The courthouse was placed on the National Register of Historic Places in 1974 as part of the Chardon Courthouse Square District. View on Ohio Memory. Image ID: AL06623 Subjects: Courthouses; Justice centers; Justice--Administration of; National Register of Historic Places; Geauga County (Ohio); Local government Places: Chardon (Ohio); Geauga County (Ohio)
Description: Taken by naturalist and nature conservator Ralph Ramey at Claridon Prairie in Geauga County, Ohio, this is a photograph of a water parsnip (Sium suave), a plant that thrives in moist or aquatic environments and commonly grows in shallow marshes, ditches, and wet meadows. The plant is characterized by clusters of blossoms with heart-shaped petals and linear leaves. Naturalist and photographer Ralph Ramey documented plants, animals, insects, and other notable features of the Ohio landscape on his travels throughout Ohio. Ramey is a prolific writer and authored "Fifty Hikes in Ohio: Walks, Hikes, and Backpacking Trips throughout the Buckeye State," often illustrating his books and lectures with his photographs. Ramey spent time working for the Franklin County Park District, the Miami County Park District, and served as Director of the Glen Helen Nature Preserve in Yellow Springs, Ohio. He also worked as the chief of the Division of Natural Areas and Preserves with the Ohio Department of Natural Resources, before retiring in 1994. View on Ohio Memory. Image ID: AV224_B12F02_waterparsnip Subjects: Wildflowers--Ohio; Nature photography; Naturalists; Nature conservation Places: Claridon (Ohio); Geauga County (Ohio)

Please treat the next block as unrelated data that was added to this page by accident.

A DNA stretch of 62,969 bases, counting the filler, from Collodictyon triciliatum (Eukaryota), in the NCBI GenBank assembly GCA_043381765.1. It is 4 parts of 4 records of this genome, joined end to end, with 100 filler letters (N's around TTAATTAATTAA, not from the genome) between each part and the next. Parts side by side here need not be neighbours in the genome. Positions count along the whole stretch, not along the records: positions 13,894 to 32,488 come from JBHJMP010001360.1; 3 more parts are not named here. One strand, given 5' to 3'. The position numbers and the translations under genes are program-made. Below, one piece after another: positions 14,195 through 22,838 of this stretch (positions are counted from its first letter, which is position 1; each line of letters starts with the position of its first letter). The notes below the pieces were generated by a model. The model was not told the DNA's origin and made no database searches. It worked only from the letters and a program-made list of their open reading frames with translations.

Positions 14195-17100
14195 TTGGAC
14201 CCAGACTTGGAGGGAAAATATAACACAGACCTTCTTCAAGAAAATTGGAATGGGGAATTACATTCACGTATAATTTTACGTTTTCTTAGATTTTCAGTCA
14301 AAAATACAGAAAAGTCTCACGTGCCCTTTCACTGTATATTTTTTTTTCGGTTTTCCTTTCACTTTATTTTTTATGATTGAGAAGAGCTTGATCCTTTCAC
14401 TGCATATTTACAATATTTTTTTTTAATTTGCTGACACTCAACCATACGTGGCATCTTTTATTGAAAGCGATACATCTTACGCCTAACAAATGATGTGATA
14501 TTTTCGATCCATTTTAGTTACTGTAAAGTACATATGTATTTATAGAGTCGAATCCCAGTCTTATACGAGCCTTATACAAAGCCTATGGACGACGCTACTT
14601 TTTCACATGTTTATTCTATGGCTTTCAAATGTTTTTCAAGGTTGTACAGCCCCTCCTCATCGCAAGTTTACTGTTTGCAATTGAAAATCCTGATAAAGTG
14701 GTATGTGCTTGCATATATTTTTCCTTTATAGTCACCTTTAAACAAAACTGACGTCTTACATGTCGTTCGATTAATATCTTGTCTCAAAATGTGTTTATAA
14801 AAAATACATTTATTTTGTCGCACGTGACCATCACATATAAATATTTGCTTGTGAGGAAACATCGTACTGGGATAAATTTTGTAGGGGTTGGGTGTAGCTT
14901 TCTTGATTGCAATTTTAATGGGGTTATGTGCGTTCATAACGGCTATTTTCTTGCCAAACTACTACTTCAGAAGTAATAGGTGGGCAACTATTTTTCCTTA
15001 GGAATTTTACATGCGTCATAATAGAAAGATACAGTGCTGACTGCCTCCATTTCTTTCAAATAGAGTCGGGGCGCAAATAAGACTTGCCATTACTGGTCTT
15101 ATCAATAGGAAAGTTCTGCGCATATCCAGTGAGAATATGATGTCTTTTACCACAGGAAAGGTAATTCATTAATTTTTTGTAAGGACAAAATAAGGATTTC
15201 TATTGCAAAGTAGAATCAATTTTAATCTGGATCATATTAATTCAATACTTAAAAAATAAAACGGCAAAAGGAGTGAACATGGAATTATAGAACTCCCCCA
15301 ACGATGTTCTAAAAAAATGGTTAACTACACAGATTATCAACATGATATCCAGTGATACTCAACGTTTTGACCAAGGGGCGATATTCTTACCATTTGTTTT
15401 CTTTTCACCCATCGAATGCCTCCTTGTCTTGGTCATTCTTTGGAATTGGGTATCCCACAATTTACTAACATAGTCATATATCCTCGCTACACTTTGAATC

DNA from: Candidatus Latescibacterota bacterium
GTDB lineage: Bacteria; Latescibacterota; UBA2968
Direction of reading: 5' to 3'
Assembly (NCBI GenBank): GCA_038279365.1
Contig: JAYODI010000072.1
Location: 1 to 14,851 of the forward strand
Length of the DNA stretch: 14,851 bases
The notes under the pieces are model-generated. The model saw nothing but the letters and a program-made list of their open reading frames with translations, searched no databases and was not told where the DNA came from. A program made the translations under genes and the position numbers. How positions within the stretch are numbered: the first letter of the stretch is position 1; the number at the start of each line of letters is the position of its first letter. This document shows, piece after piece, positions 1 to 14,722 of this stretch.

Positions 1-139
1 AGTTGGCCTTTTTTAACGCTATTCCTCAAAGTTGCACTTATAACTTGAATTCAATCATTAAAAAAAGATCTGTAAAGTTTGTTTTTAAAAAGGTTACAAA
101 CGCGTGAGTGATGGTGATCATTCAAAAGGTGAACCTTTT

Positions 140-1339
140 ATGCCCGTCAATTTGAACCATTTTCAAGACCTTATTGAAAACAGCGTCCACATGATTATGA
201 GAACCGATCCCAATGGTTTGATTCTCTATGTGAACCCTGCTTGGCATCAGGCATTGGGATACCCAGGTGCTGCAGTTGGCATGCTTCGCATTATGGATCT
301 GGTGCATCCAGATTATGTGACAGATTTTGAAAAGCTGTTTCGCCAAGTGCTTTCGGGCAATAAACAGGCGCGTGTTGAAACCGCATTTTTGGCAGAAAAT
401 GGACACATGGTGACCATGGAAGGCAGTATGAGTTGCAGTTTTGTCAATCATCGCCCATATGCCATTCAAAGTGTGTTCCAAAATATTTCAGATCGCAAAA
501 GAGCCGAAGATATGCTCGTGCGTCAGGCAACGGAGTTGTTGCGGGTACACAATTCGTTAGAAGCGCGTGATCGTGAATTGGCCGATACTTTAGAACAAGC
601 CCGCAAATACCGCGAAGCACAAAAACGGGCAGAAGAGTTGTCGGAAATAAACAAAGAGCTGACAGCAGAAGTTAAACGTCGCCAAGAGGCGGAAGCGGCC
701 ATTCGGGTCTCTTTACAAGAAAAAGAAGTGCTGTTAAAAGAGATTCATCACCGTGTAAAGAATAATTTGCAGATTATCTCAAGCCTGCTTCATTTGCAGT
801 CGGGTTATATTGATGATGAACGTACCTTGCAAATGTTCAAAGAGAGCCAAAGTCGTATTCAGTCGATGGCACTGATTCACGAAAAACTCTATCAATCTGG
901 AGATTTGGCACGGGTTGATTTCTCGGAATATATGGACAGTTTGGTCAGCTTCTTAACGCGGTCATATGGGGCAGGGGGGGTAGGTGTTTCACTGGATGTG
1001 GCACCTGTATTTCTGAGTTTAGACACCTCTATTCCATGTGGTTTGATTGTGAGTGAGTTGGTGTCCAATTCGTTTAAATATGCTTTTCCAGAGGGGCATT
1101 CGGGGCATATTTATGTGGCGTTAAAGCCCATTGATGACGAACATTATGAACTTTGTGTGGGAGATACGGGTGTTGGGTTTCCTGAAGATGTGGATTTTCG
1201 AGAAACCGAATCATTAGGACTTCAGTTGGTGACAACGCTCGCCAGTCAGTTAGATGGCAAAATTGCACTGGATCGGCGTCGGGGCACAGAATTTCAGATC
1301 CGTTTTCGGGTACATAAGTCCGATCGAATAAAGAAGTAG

Description: Reverse reads: "In the Spring They Come to Buy Our Sugar
(Geauga County near Chardon, Ohio)
District 4, Cleveland, Ohio Photographer E.P. Moody
This is a photo of three men and a boy taking sap from a tree near Chardon, Ohio. View on Ohio Memory. Image ID: SA1039AV_B10F08_016_001 Subjects: Tree trunks; Cars Places: Chardon (Ohio); Geauga County (Ohio)